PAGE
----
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I need to find a proof for my goal , given some assumptions. The assumptions and the goal were translated from english sentences.

My assumptions(KB)

John ,Mary,Helen,George are the only members of club1:

-Member(Club1,John) ∧ Member(Club1,Mary) ∧ -Member(Club1,Helen) ∧ Member(Club1,George)

John is Mary's husband.

-Married(John,Mary)

George is Helen's brother.

-Siblings(Goerge,Helen)

The husband or the wife of each person is also a part of the same club

- (∀x)(∀y)(∀s)(Married(x,y) & Member(s,x) → Member(s,y))

My Goal(Φ)

Helen is not married.

- (∀x)(¬(Married(x,Helen)).

With common logic we can prove that helen (being ethical and not incest) , is not married. But the above assumptions , can't prove my goal with propotitional logic. I need to add my own assumptions , so that I can prove my goal. What assumptions should I add to my KB to prove φ.

I tried the following ones , but they are not enough:

(∀x)(∀y)(Siblings(x,y) -> -Married(x,y)).
(∀x)(∀y)(∀z)( Married(x,y) -> -Married(x,z) & -Married(y,z)).

The above assumptions , tells that if two atoms are siblings then they can't be marry each other and if they can't marry more than one person. I am using prover9 , to also prove my goal , but I can't find what else does it need , to prove it.

EDIT 1 So , far , what I have done enter image description here

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  • $\begingroup$ Another rule is missing: not member if different of Helen, ... $\endgroup$ – pasaba por aqui Jan 12 '17 at 20:24
  • $\begingroup$ @MauroALLEGRANZA The OP tried to say that one cannot marry more than one person with the last sentence but didn't do a very good job ... $\endgroup$ – Bram28 Jan 12 '17 at 20:32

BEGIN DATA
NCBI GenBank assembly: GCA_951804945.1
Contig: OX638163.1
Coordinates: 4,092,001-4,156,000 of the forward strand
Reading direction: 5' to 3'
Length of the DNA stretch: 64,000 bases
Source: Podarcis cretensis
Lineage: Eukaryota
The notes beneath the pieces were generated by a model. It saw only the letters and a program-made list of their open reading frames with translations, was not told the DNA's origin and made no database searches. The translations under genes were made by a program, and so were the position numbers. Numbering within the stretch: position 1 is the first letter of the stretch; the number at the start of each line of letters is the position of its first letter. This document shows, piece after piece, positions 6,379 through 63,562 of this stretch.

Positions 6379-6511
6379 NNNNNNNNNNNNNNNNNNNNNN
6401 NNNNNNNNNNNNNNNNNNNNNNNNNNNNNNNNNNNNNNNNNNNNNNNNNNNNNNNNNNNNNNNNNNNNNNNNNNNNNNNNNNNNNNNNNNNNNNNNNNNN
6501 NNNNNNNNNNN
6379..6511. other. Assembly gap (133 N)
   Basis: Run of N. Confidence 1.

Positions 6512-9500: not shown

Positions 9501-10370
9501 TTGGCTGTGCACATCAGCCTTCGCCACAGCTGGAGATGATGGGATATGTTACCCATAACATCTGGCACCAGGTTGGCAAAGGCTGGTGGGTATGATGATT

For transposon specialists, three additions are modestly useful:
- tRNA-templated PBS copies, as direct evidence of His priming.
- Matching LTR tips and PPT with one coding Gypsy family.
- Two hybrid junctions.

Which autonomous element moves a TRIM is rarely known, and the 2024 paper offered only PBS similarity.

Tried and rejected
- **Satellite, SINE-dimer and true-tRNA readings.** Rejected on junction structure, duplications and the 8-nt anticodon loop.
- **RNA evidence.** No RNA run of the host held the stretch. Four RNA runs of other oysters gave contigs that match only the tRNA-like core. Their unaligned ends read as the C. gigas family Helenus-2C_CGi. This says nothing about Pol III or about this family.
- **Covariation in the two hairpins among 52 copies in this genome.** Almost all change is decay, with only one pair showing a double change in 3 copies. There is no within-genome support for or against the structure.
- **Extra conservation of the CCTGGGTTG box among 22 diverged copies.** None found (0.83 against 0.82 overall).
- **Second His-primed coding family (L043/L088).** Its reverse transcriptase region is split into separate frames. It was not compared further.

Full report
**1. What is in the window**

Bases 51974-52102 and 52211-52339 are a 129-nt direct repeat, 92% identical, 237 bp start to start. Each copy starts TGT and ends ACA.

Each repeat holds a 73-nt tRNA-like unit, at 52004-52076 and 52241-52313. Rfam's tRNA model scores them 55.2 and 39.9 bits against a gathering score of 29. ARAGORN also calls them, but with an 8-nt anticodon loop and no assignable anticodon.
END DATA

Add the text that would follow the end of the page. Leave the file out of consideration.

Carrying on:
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You also need:

$\forall x (Member(Club1,x) \rightarrow (x = John \lor x = Mary \lor x = Helen \lor x = George))$

Since these four are the only members of the club, i.e. there are no others!

Also, let's make sure they are all different people:

$John \not = Mary$

$John \not = Helen$

$John \not = George$

$Mary \not= Helen$

$Mary \not = George$

$Helen \not = George$

Also, I think the puzzle assumes no gay marriage, so:

$\forall x \forall y ((Male(x) \land Married(x,y) \rightarrow Female(y))$

$\forall x \forall y ((Female(x) \land Married(x,y) \rightarrow Male(y))$

And so you'll also want to add:

$Male(John)$

$Female(Mary)$

$Female(Helen)$

$Male(George)$

$\forall x (Male(x) \leftrightarrow \neg Female(x))$

Finally, your last sentence where you try to say that someone cannot be married to more than one person isn't correct; it should be:

$\forall x \forall y \forall z (Married(x,y) \color{red}{ \land z \not = y}) \rightarrow \neg Married(x,z))$

and to use that, you'll probably also need:

$\forall x \forall y (Married(x,y) \rightarrow Married(y,x))$

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  • $\begingroup$ Still can't find a solultion... :/ $\endgroup$ – Social Programmer Jan 12 '17 at 21:09
  • $\begingroup$ Oh! You should add that they are all different people, since in logic, just because you have different constant symbols does not mean they denote different objects. I'll add that to my post. $\endgroup$ – Bram28 Jan 12 '17 at 21:38
  • $\begingroup$ Still no answer , should I post a picture of what i have done so far ? $\endgroup$ – Social Programmer Jan 12 '17 at 22:05
  • $\begingroup$ @SocialProgrammer yeah, go ahead and show what you have. $\endgroup$ – Bram28 Jan 12 '17 at 22:15
  • $\begingroup$ here you go brother $\endgroup$ – Social Programmer Jan 12 '17 at 22:23
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Finally , the answer : enter image description here

and the proof: enter image description here

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  • $\begingroup$ @Bram28 Answer is up ! $\endgroup$ – Social Programmer Jan 12 '17 at 23:03
  • $\begingroup$ Looks good! looks like the prover is using some kind of resolution. $\endgroup$ – Bram28 Jan 12 '17 at 23:26
  • $\begingroup$ Yeah. Anyways , thanks a lot bram. Can i add you as a friend ? $\endgroup$ – Social Programmer Jan 12 '17 at 23:31
  • $\begingroup$ I don't think this site has a friends feature, but if you ever have another problem you know how to reach me! $\endgroup$ – Bram28 Jan 12 '17 at 23:36
  • $\begingroup$ Ok , I am new here , goodnight sir $\endgroup$ – Social Programmer Jan 12 '17 at 23:38

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